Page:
Ziploc Baggies
Hard Container (for dainty items)
Small Scissors
Small Flashlight
Of course, its good to have a guide-book and familiarize yourself with your area (really, if you start eating strange mushrooms and throwing back unknown berries, it is NOT my fault). On a simple casual outing you can expect to come back with the ubiquitous green onions and chives (a bit grassy by this time of year), dandelion greens (best picked before the yellow flower appears). Certainly with a little more romping you can find delightful little mulberries, wild blackberries, and pears. I've even seen wild asparagus and what I THINK was wild carrot (it was too young to tell).

Be careful, guys, and happy eating.

*I believe that bandanas are absolutely necessary for anything you do, ever.

Monday, April 25, 2011

Home Cured Bacon

Home Cured Bacon by CaptainShen
I accidentally deleted my post on home-curing bacon without a smoker. Sad day! Any questions?

edit: Alright, since DeusInvictus so quickly (and desperately!) replied, I'll give a synopsis of The Baconing. And first, to answer the question of description: Meaty, spiced, peppery, smoky, and mildly sweet. It will indeed make you sway. It didn't uniformly crisp up like I like, but that can be easily solved by getting it cut more thinly.* Unfortunately, since I cannot recover that post, it won't be exact-- but I can remember the gist of it. 

Essentially, home 'curing**' bacon is simply marinating pork-belly in salt and spices until it is 'cured,' in the same way that one (if one were smart and wonderful) would make salted salmon for Lomilomi Salmon (salt, wait, wash). If you didn't understand the things that I just mentioned, just move on. There is still hope for you. 

My dad is a genius of smoking. Not that my father has a cigarette between every finger or a special cigar-smoking device-- not that at all. Silly-wicket. My father built a magnificent smoker out of a propane tank long long ago, welding huge sheets of steel into a magical sculpture that transforms raw meat into charred treasure. My favorite times, as a child, involved being treated to 'the heel' of the brisket, in its black crusty goodness, with a tender line of pink meat just underneath. He'd fire it up only when he'd stocked up on an entire petting-zoo worth of meat and could fill it (and the oven on the end) to the brim. I have fond memories of a clean bathtub full of raw briskets thawing in the front bathroom (how very strange). It fed us, and many other family and friends, for months. 

However, a smoker I have not. It would be efficient for me, at least right now. A few years ago, I shared my knowledge of liquid smoke making with my dad and he bestowed unto me a bottle of home-made liquid smoke. OK, we're back to bacon. Seriously, I took the scenic route to get here. Simply purchase pork belly from your meat market and place it flat in a ziploc bag with a 1/2 cup (ish) of liquid smoke, some small cinnamon sticks, whole black peppercorns, salish alderwood smoked salt, fennel seeds, and SO importantly: ground Fenugreek. Fenugreek is an intoxicating, mellow spice, reminiscent of maple syrup. Lay this bag of goodies (after mixing well) flat on a shelf in the fridge and flip it every day for seven days. When you're done, take the pork belly (we can start calling it bacon now!) bacons out of the bag, wash them under cool water to get all the excess salt off, and dry them like mad. Dry them really, really well. Crack black pepper over them and let them sit in your fridge, uncovered, on a paper towel, for another day.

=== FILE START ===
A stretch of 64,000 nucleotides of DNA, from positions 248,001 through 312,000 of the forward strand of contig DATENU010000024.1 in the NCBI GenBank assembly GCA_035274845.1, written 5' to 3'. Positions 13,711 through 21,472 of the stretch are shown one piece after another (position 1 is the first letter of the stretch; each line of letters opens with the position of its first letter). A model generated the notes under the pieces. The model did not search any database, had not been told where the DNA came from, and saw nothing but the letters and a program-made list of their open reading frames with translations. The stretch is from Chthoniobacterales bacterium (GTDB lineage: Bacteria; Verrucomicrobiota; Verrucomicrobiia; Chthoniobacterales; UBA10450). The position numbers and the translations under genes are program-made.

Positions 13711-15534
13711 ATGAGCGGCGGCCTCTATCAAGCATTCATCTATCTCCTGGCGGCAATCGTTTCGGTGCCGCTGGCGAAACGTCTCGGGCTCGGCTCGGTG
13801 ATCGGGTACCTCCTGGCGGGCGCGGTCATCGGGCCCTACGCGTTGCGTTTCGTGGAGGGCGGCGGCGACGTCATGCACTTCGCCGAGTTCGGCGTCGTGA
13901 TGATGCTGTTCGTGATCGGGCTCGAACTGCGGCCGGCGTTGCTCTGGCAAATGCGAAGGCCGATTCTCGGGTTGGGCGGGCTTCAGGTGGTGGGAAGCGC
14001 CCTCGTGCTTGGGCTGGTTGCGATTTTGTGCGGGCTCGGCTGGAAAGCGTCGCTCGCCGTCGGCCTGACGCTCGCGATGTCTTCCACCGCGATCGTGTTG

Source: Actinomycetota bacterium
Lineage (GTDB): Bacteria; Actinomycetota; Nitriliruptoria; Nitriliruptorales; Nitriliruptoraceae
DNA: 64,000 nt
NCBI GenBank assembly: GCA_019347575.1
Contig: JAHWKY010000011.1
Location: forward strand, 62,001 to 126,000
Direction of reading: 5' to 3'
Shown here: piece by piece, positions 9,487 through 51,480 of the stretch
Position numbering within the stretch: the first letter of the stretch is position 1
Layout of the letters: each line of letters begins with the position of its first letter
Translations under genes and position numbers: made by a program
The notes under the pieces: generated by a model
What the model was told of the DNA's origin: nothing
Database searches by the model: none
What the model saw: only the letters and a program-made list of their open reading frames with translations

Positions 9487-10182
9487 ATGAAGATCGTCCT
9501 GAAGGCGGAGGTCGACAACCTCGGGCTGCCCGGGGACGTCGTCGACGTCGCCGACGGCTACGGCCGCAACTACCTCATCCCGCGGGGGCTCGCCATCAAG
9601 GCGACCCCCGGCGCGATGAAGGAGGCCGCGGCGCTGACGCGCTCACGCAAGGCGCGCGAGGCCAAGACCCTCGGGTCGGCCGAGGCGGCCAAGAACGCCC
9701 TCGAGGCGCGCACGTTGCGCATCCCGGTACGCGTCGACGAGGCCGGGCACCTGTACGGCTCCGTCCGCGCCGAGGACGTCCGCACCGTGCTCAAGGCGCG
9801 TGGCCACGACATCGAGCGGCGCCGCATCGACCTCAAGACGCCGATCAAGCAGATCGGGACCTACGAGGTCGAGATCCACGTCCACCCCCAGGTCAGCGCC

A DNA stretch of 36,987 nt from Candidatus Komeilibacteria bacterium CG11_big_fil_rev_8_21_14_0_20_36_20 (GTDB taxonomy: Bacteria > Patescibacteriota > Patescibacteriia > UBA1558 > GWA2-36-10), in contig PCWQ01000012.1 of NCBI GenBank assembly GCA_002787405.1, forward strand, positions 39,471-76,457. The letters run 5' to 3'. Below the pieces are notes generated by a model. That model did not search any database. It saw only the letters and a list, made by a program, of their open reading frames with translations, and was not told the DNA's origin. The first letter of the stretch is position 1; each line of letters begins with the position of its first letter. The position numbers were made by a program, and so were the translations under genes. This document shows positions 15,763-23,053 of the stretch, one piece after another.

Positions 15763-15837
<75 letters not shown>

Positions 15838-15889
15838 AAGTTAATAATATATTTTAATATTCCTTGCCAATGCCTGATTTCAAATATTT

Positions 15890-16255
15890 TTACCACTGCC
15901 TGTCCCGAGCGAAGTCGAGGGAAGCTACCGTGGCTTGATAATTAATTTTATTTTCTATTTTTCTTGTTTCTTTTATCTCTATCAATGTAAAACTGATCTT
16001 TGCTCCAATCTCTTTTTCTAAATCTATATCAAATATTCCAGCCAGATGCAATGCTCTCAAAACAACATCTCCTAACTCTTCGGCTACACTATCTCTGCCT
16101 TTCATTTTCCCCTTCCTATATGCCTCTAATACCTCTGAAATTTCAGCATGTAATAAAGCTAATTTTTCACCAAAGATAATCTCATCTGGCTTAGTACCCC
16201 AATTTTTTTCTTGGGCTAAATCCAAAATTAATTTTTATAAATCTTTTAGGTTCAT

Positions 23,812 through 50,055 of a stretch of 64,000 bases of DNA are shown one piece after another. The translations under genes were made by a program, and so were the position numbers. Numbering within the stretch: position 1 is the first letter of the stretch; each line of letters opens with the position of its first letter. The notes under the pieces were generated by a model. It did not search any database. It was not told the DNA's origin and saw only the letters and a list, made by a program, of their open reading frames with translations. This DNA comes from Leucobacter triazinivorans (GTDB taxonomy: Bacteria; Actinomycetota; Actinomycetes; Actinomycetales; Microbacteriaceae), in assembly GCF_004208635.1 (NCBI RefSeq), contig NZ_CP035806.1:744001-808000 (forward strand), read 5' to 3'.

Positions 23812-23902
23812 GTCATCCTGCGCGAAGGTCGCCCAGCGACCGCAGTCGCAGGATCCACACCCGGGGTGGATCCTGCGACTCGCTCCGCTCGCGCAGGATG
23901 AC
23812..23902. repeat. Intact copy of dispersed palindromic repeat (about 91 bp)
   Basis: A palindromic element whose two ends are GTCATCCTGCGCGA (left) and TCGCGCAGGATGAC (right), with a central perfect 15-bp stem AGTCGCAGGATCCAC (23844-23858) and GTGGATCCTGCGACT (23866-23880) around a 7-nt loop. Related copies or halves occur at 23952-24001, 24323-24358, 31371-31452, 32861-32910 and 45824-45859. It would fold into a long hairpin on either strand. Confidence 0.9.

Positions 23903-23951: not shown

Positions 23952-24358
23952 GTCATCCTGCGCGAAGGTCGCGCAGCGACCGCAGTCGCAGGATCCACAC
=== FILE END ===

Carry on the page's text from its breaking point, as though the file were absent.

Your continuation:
Now, there you have it. Place sheets of wax paper between them and put them in a baggy to use or freeze! Congratulations, bacon-maker. You win breakfast. 

Happy eating!

*I'm going to try this next time using unsliced pork-belly. This time I used slices, as seen in the picture below. 
**I don't claim to use the word 'curing' in any sort of scientific way. I don't know what that actually entails, alright? Back off! 

Saturday, April 16, 2011

Stuffed Zucchini

I've just 'met' (well, sort of) the owner of Paleo Middle Eastern and am right now excitedly waiting for this beauty to emerge from my oven. I rarely make full-scale casserole-pan recipes unless I have guests, but this looked too good to pass up. I rode my bicycle to an Indian shop in hopes that they'd have a vegetable corer (not because I'm ignorant of the differences between 'Indian' and 'Middle Eastern,' but because the next-most-ethnic thing we've got is Kroger. As in, nothing.*) but they had one not (though I did get some good Garam Masala <3). Moving on, this brings us to tonight and my kitchen, where my little vegetable peeler with its little blade sat in its jar** mocking me. Also, I was faced with the fact that my favorite Moroccan*** casserole dish is an odd/small shape. As such, I cut the squashes all in half and made super mini little ones. Perfect! Also, the meat I happened to have thawed in my fridge was my favorite red-meat of all time: Lamb. New Zealand ground lamb. hhhhhhnnn....

* OK, mild lie. There is a little Mexican shop where I stopped and bought fresh pork rinds (sooo good dusted with cinnamon), and misunderstood them as '$1.59 a pound,' then asking for a pound. The kind lady began scooping and didn't stop until she'd essentially filled a small trashbag and labelled it $6 something. I stared in a moment of blank confusion, rarely stumped by language barriers, and began to laugh. I somehow explained what I'd thought and she happily put them back and gave me a little bag of around $2 :). Delicious.